So the next night I get robbed and woke up in the hospital, and you already know that story. A girl I had dated took me in and let me stay at her apartment in Bogota. Thank god for that or else I would have been homeless. And that's not me being dramatic, I would have had to live on the streets with no money or cards if this girl didn't save me.

So, she lives in Fontibon. I liked Fontibon. Except for the airplanes always flying overhead, I felt welcome there and it seemed pretty laid back. So, Fed Ex calls and says they have my packages with my new debit and credit cards from my bank in the US. They can't apparently bring it to the house because they're incompetent and refused to come try and deliver the sh1t.

So the girl tells me she has to go to sign some loan contracts or something for work but to wait and she'll walk with me to Fed Ex later. I say, "Nah, it's 10AM. I'll just go. It'll be fine." And she insists that she wants to go and I say no. Another mistake on my part.

I cut out walking through Fontibon and can't find the damn Fed Ex place. So I stop at a farmacia and the phamacist tells me, "You're on the right street, but it's 32 blocks that way." I don't want to walk 32 blocks, so I hail a cab off the street (yes, you see the theme here. I'm an idiot).

The driver is in his early 20's, and as soon as I get in he makes a phone call. I can't understand what he's saying. And then he's texting the entire time. It makes me very nervous. If this happens, you SHOULD be very nervous.

Now he's driving in a direction that doesn't seem like the right way. I don't know for sure, but it's 10 in the morning and I'm twice the driver's size, so I keep riding. We get off onto the highway and start going towards downtown. This doesn't seem right. We finally get off the highway and now I can see the addresses on the buildings. We're 42 blocks farther away from Fed Ex than when I got into the taxi. So I've decided to get out, but I just want to see what the guy would say, so I ask him, "Are we close to Fed Ex now?" And he says, "No senor. We still have about another 20 minutes through the barrios." I was like holy sh1t and told him to let me out.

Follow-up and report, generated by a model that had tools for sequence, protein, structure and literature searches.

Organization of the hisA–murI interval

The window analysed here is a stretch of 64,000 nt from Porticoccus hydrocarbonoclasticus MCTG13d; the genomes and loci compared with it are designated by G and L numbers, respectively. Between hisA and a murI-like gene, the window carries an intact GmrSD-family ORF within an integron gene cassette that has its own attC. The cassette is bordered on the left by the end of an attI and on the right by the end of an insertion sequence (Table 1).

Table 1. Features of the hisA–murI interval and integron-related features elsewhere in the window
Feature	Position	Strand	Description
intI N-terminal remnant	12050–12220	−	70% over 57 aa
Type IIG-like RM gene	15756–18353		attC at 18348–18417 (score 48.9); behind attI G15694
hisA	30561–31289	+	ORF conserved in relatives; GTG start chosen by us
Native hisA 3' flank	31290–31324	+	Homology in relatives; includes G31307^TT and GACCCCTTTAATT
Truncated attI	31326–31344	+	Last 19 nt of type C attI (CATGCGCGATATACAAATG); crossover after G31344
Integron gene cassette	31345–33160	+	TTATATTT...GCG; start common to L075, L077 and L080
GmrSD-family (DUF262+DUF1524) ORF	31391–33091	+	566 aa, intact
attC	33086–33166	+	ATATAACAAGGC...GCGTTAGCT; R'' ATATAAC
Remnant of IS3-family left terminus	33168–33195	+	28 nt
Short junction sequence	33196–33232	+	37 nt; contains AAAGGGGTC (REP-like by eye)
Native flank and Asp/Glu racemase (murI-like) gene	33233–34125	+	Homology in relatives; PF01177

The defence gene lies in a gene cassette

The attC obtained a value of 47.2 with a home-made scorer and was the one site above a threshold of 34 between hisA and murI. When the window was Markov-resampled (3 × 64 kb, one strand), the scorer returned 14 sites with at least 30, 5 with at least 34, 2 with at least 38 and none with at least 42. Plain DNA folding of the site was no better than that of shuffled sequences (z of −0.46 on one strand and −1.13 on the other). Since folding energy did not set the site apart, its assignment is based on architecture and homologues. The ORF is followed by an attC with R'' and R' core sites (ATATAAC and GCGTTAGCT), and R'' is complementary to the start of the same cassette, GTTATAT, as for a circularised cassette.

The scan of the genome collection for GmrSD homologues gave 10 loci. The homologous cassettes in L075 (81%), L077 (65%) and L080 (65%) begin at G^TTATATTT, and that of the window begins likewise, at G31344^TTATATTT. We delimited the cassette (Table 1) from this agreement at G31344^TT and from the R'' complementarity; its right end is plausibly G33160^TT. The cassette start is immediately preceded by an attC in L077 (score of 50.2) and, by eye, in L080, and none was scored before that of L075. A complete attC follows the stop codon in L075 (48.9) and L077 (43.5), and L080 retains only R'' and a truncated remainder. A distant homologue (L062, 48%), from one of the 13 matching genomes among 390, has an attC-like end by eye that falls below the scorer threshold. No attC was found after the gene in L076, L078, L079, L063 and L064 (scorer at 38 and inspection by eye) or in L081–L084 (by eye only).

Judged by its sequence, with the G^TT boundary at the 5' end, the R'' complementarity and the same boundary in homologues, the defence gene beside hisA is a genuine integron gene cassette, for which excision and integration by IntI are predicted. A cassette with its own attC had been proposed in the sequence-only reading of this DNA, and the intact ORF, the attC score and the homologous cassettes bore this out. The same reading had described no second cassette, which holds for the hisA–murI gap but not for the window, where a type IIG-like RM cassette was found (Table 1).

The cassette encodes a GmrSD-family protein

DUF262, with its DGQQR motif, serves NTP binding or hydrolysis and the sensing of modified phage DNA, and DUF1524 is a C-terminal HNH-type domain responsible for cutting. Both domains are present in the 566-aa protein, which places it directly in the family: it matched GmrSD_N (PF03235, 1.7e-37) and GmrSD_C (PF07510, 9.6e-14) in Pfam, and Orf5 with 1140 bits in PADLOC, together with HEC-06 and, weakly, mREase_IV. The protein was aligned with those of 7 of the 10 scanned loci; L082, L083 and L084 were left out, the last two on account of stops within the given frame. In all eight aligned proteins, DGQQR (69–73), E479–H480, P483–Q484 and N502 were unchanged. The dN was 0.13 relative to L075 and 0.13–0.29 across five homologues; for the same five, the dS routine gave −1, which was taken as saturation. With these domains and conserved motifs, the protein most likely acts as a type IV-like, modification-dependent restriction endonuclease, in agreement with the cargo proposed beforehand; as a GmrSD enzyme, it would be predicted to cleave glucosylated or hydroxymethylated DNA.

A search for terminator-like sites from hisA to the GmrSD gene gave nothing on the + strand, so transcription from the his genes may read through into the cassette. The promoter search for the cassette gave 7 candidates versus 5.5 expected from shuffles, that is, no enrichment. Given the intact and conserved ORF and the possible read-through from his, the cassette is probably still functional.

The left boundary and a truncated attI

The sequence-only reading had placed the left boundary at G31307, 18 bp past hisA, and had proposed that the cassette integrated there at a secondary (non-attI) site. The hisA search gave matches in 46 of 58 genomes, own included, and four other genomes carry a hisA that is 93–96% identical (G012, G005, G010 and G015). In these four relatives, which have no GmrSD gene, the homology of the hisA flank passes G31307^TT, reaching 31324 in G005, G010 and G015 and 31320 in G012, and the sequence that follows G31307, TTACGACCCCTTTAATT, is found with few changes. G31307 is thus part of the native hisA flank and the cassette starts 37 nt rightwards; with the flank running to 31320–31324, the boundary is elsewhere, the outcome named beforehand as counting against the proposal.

I hail another cab, and this man is older, perhaps 65ish, so I feel better. He seems like a mild little fellow, and now I'm more relaxed. I'm a nervous wreck because I know what just almost happened. I told him to take me to Fed Ex and he turns around and takes me 42 blocks back the other direction from where we had just driven. I told the man what just happened and said, "Do you think that other driver was mistaken?" He gave me a sad look in the rearview mirror and said, "No senor. I don't think he was mistaken."

So, my problem is is that I tend to be complacent sometimes. I'm a fairly fit guy with past defense training. I've been all over the world and have always gotten out of trouble when it presented itself. Like these two almost taxi robberies, I figured out what was happening and got out of it. But if you set down your beer and they swap it out with theirs that has a roofy, it only takes a split second, and then you have no way to fend for yourself. The drug takes effect very quickly, and you'll do whatever you're told.

So, I know this all sounds like some sort of documentary special on what NOT to do in Bogota, and I guess my own arrogance and complacency put myself in these situations. So, the moral of the story is... don't go to Bogota. If you do, then hang on! It may be a helluva ride.

BrandonBP :

That sort of makes it sound like you're going to be in 1980's Beirut, but that's absolutely the attitude you need to have in Bogota. The Bogotenos have that attitude, and it's for a reason. They grew up there and know what can happen.

Yeah, that is unfortunate since I hear it is a beautiful country with great climate and nice kind welcoming people (well most are) and beautiful ladies. My plan is to meet some people in Zona T (if I dare to go out) but will be calling for taxis every time with little cash in my pocket and no credit card on me and will be constantly watching my drinks. I hope I can still enjoy my time.

What's the airport in Bogota? Is there any other airport than Eldorado?

Ever heard of the Guaymaral airport?  Didn’t think so.  It’s in the northwest part of metro Bogotá -- and is for so-called general aviation and pilot training.